El Zabari choked on his coffee, lowed his computer screen, wiped his mouth with a napkin and adjusted his glasses.  "Will you be left behind by the change or will you choose to lead it?" he reiterated from Latimer's article.  'Here's the problem.  How do you call for the release of my friend Nours, decry the lack of rule of law while at the same time you are water boarding prisoners and pulling out fingernails?  I, like you, have followed the writings of former CIA agent Robert Baer whose quote concerning the U.S.A.'s secret renditioning of prisoners is well known....'If you want prisoners to be tortured you send them to Syria.  If you want them to disappear you send them to Egypt.' Baer should know and he was not talking about the Crusades.  He meant NOW!" said El Zabari.

El Zabari went on...."with this level of hypocrisy the disclosure of the Vilachi Papers should have included a flow chart of America's non-Italian, politically connected Fascist crime families, but that would have shut down your government, too.  It would be to pull that long stool's leg off  to club the American people with it and people don't like to be clubbed with their own stool legs as we Egyptians know all too well," he said.
"But Americans are sadly amnesiac.  Not only are they behind the curve on mathematician and engineers, but they can't go to their clergy for help either.  Can they?  To Billy Graham's first born son who like Mubarak's desired appointment of Gamal, ascended to the top of the family pyramid which was early on supported from the America far right....with money from the owner of the American Mercury Magazine with its ties to the American Nazi Party of George Rockwell?  Okay, to Robert Schuller then?  Oops,  his first born son ascended and then bowed out?   And if I read Edwin Black's book War Against the Weak correctly America's fascist-element's Eugenics program seems to have created the collective mind of a two year old among the power elites, but a terrible-two with great big dangerous weapons. Now I'm not suggesting that we go and commit suicide, but I am saying that circumstances have elevated suicide on the list of options which is why terrorism reigns.  It is a response to state sponsored terrorism like the kind you see in the persons of Mubarak, his new VP and Americans like Donald Rumsfeld, Dick Cheney and the others appointed by their President to do what Mubarak appointees do in Egypt.  But of course as long as Americans are fat and sassy there will be no real change.  Americans are fat, but decreasingly sassy.  What hope does the world have if the leaders of the free world do this in the name of freedom?  Americans might as well elect the former CEO of the worst medicare fraud hospital system in the country and put him in charge of their government."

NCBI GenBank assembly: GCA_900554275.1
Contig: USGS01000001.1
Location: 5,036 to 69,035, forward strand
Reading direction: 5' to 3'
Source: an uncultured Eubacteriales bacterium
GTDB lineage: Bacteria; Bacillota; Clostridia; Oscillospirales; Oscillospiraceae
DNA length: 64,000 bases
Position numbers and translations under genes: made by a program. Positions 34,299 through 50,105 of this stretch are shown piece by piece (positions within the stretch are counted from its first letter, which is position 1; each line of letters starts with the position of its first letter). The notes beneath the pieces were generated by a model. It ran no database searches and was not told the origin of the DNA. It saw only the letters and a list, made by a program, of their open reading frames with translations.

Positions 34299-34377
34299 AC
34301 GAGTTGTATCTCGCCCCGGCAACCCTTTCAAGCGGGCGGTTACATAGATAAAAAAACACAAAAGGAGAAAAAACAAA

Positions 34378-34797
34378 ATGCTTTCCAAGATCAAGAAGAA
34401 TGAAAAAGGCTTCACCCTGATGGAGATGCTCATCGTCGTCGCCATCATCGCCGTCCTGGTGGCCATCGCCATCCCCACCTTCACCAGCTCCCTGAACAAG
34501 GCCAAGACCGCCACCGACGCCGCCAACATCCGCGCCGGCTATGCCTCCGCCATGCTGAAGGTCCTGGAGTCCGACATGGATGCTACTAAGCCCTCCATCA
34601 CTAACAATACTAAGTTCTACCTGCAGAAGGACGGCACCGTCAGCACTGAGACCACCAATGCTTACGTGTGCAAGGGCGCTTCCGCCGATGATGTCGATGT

I told Mr. El Zabari that he was describing what has happened?  "What do you mean?" he asked.

"The head of the worst medicare fraud abusing hospital system in America became the Governor of Florida in 2010," I said.  "He was funded by GWB's partner in the Texan Baseball Franchise and one of the biggest backers of the American Military Complex."

"See what I mean," said El Zabari.   " So this Governor of Florida....a state with the greatest number of elderly citizens dependent on it was raping the system?"

"That's right" I told him.  "And now Florida is taking the lead in rejecting the Obama health care plan.  It's too socialistic according to Governor Richard Scott.  But wouldn't you say that theft of medicare funds constitutes a form of socialism when the leadership is involved in it?"

"No," said El Zabari.  "I call it camel crap.  Your people call it bull sxxx.  Florida?  Isn't that the state that decided the 2000 election based on hanging chads and a Supreme Court ruling?  Was it a close race?" asked El Zabari.
"2000 or the Florida Governor's race?" I asked.
"I know about 2000, the later."
"It was," I said. 
 "More camel crap," said El Zabari.

Following the Money
Richard Scott said that he wanted Columbia to become the Walmart of Health care
Sam Walton's father foreclosed on U.S. farmers during the Great Depression and
Sam Walton foreclosed on America's Main Street.